I show concerned parents who want to give their children the best start to life how to better understand their children.

5 Sep 2013

What books can do to improve us - Part 7

The picture alongside is of an SR-71 Blackbird stealth plane. It was the goal of the man who wrote A Child Called It’s dream to be a part of the team that worked on this plane. His name is Dave Pelzer. His life wasn’t always fun and flying though. At the age of four, his mother started to abuse him. It isn’t in the book, but I can only imagine that his mother must have been severely mentally ill. She would lock him in the bathroom with chemicals in a bucket, which made David cough up blood. She would beat him until he was black and blue. She even stabbed him once, by accident. Her worst punishment however, was denying him food. She would not allow David to eat for days and day, and if she suspected that he had stolen food from school, she would make him vomit it up, and sometimes even eat it. She didn’t even allow him to sleep in his own room. She relegated him to the garage. He would sleep on an old army cot with his hands tucked under his armpits. You see, The Mother, did not allow him a blanket, so this is how he kept warm. If he was lucky, he would find a dirty rag to cover his feet.

It is here in this dark and dirty garage that David found refuge in books. His teachers at school had introduced him to reading. David used books as an escape from the harsh reality of his life and the ever-present Mother.

For eight years, David suffered at the hands of The Mother. For years the teachers witnessed the black and blue condition of his body. The final straw came when David came to school with no skin on his arms, after soaking them in chemicals his mother used as his punishment in the bathroom. They intervened. After a long battle, David entered the foster care system. There were ups and down; he took some time to adjust. Through it all though, he continued to read.

In his final foster home, his neighbor was a Vietnam War veteran. They befriended one another, and David would spend many afternoons perusing this man’s library. Over the years, he had built quite a collection of war and aviation books. The rules were David was not allowed to take the books home, but so voracious was his appetite for knowledge, that David would sneak back into his neighbor’s house after leaving for the day, grab a book, and return it early the next morning. He stayed up late into the night studying planes. It’s in these books, that David introduced himself to the SR-71 Blackbird. This is where the dream started.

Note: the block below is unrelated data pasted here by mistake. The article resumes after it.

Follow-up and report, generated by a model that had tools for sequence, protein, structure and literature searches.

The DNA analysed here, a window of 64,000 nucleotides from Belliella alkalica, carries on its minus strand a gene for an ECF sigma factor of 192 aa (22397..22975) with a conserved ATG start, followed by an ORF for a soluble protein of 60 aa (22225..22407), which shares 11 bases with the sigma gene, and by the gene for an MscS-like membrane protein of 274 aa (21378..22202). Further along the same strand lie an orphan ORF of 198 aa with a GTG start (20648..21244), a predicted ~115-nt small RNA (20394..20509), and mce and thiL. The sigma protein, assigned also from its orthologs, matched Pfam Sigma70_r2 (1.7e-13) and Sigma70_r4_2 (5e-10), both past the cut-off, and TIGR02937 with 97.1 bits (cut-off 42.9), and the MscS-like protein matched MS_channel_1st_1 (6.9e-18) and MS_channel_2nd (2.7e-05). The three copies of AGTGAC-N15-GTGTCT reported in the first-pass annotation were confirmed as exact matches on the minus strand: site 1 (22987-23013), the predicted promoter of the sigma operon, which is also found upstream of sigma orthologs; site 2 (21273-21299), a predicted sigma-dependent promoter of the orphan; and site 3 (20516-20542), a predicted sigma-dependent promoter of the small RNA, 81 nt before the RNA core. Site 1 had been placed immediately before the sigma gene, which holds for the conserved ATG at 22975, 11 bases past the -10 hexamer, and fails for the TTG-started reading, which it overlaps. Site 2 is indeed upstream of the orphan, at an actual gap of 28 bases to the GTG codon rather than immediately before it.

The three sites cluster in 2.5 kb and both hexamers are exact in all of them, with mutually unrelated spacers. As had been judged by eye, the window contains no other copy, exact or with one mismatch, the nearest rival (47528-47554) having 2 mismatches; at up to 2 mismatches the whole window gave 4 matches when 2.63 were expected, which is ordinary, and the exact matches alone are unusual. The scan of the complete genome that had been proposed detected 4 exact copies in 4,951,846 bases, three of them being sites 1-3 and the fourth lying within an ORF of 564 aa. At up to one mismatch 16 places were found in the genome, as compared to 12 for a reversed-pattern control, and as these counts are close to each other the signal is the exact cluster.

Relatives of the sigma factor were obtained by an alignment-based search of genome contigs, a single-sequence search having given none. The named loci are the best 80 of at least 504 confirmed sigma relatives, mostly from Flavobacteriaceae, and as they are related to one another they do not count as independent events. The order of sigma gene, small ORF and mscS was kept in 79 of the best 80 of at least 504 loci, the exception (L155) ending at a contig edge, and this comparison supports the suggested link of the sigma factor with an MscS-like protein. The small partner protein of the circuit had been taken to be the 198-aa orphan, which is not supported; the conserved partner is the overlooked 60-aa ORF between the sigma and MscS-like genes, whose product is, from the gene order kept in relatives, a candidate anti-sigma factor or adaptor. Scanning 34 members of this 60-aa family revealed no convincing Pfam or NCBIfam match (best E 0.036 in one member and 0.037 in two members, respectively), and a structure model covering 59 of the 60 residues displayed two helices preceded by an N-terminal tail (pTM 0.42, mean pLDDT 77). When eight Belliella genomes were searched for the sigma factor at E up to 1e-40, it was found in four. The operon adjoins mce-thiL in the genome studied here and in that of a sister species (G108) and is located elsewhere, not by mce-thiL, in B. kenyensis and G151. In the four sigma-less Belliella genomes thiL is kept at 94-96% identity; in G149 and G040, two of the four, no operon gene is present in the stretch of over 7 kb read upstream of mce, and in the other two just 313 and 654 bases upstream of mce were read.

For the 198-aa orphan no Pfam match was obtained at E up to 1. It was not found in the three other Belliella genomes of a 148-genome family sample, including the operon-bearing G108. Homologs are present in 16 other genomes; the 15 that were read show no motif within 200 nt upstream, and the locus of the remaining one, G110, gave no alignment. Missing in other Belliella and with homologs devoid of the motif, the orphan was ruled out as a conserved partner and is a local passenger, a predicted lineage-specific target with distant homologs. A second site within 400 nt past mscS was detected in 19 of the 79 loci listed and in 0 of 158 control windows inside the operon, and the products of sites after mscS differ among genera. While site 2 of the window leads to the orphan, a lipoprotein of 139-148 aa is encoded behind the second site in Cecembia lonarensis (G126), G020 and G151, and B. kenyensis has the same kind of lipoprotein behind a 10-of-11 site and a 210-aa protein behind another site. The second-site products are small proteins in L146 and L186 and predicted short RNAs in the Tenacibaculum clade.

After school, David got the right certificates and diplomas to enroll in the Air Force. The road was not easy, but he persevered and eventually became one of the privileged few who worked on the Blackbird project. During his life, he received personal commendation from three US presidents. He was also honored as one of the Ten Outstanding Young Americans (TOYA), and was the only American to be selected as one of the Outstanding Young Persons of the World (TOYPW), for his efforts involving child abuse awareness and prevention, as well as for instilling resilience in others.

What books can do to improve us as people - Part 1
What books can do to improve us as people - Part 2
What books can do to improve us as people - Part 3
What books can do to improve us as people - Part 4
What books can do to improve us as people - Part 5
What books can do to improve us as people - Part 6
What books can do to improve us as people - Part 8
What books can do to improve us as people - Part 9

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I show concerned parents who want to give their children the best start to life
how to better understand their children.
And I show people who are facing difficulties that they are not alone

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